In 2004, Maggie Nelson was preparing to publish Jane: A Murder, a collection of poetry, prose, newspaper clippings and other fragments related to the 1969 murder of her aunt, Jane Mixer, when her mother got a call: Her sister’s murder, unsolved for thirty-five years but believed to be the work of a serial killer of young women, had been reopened. In 1969, Jane, a 23-year-old law student at the University of Michigan, had been en route from Ann Arbor to Muskegon to announce to her parents that she had gotten engaged. Soon after signing up on a campus ride-board, however, her body was found in a cemetery, two bullets in her brain and a stocking wound around her neck, her corpse carefully decorated with her own belongings. Thanks to a 2005 DNA match discovery, a retired nurse was finally charged with Jane’s murder. That summer, Nelson and her mother returned to Ann Arbor to bear witness to Jane’s trial—an extended, media-saturated affair whose twisted details thwart any clear explanation for what happened that night.
In Jane: A Murder, Nelson poetically teased out the ways Jane’s violent death indelibly marked her family. In The Red Parts, originally published in 2007 but re-released from Graywolf Press earlier this month, Nelson—a first-class literary shape-shifter—blends true-crime pulp, memoir, and cultural theory to provide a vivid account of Jane’s trial. It’s an examination of Nelson’s own lifelong obsession with the murder, as well as of our larger cultural fascination with the deaths of pretty, young, white women.
The book’s title refers to the “red parts” of our bodies—our blood, genitals, entrails, and mouths. Throughout the many threads comprising this trial narrative—vivid, collage-like explorations of the implications of Nelson’s own father’s sudden death at forty, her mother’s remarriage, and her own disastrous love affairs—Nelson probes this red nexus of sex, violence, and glamour, autopsying the question of why something so gruesome as a murder like Jane’s provides such a source of endless fascination.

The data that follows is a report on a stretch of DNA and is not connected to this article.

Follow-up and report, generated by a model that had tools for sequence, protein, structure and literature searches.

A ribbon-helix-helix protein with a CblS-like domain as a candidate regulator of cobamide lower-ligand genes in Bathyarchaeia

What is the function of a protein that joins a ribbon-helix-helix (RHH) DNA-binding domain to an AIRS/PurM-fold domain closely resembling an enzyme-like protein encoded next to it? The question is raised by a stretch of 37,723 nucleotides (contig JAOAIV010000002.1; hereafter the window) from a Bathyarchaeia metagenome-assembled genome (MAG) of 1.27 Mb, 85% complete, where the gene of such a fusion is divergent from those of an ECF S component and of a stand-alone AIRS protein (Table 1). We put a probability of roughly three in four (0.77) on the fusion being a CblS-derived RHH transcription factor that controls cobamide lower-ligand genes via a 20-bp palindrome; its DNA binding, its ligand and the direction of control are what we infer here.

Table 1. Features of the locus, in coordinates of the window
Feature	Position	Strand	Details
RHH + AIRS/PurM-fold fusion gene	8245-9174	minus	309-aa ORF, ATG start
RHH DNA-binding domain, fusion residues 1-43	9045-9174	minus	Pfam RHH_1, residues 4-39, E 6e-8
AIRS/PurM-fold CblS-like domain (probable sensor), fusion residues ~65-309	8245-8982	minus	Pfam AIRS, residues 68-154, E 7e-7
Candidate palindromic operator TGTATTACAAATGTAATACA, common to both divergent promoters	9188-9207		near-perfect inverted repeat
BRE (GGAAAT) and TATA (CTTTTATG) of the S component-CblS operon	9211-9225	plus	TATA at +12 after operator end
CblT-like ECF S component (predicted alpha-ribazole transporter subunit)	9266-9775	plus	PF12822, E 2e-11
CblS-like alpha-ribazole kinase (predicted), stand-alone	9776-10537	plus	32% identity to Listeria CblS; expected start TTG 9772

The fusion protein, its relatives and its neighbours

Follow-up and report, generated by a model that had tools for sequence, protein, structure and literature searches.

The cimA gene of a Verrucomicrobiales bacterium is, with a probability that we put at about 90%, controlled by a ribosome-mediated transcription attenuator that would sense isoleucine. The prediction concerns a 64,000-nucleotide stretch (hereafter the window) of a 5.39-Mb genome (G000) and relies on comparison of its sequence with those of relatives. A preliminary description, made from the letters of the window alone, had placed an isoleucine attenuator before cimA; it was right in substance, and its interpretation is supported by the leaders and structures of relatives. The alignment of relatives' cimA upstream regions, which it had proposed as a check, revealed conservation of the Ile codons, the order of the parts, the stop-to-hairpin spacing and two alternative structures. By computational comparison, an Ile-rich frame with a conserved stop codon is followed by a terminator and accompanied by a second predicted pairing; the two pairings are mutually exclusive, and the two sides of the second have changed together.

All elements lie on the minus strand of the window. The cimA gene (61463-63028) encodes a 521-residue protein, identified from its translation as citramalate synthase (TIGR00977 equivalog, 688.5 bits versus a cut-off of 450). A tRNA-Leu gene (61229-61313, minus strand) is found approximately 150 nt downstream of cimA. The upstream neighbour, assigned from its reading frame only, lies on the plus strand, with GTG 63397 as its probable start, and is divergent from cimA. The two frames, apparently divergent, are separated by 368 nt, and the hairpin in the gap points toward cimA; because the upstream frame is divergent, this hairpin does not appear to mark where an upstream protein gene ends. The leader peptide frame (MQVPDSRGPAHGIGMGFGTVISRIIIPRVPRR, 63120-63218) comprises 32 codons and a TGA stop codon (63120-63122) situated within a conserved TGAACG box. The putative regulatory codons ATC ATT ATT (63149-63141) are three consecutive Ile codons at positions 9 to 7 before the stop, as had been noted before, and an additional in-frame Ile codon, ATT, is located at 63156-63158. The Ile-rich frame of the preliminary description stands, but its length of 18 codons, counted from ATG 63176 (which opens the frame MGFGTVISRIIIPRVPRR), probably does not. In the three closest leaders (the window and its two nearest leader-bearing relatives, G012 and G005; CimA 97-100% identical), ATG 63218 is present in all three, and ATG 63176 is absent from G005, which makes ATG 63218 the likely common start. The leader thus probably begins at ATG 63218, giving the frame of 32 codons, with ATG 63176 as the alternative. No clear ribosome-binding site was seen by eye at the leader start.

The Red Parts: Autobiography of a Trial (the subtitle is new) happened to be re-released into a world particularly obsessed with murder, with binge-devouring the grisly details of CSI, Serial, and Making a Murderer. Rather than feeding the “whodunit” frenzy, however, The Red Parts doesn’t look for answers—it simply bears witness to the wreckage of Jane’s loss. And in doing so, it dissects the stereotypes and clichés surrounding murder. It also masterfully highlights the limitations of trying to package such complicated real-life events into something so neat and tidy as a “story.”
In fact, Joan Didion—who asserted in 1979’s The White Album that “we tell ourselves stories to help ourselves live, by cultivating the hope that our lives might actually make a difference”—serves as a sort of omniscient force throughout the story of Jane’s trial. Nelson ultimately takes Didion’s famous adage a step further, writing, “Stories may enable us to live, but they also trap us, bring us spectacular pain. In their scramble to make sense of nonsensical things, they distort, codify, blame, aggrandize, restrict, omit, betray, mythologize, you name it.”
In the sparse and complex story in The Red Parts, however, Nelson manages to circumvent such trappings—she admits that she never figured out what it was that compelled her to sit at Jane’s murder trial, “jotting down all the gory details, no different or better than anyone else.” Was it that she wanted Jane’s life to matter, she wonders, or her own?
While she may never be able to answer that particularl question, Nelson—a tremendously busy teacher and the author of several books of prose and poetry, including 2015’s critically acclaimed The Argonauts and 2009’s cult classic Bluets—graciously submitted to a few of my somewhat more straightforward questions.
Tell me about the process of seeing this book you published almost ten years ago reissued in paperback. As the author, how much did you have to reinvest yourself into the experience of writing it?
The great thing is that I didn’t have to do anything! It’s strange and wonderful to have a book come out “again”—I already used up the anxiety around reception the first time, a decade ago, so now I can just sit back and feel an uncommon sense of bemusement and detachment.
Why did you change the subtitle of The Red Parts from “A Memoir” to “Autobiography of a Trial”?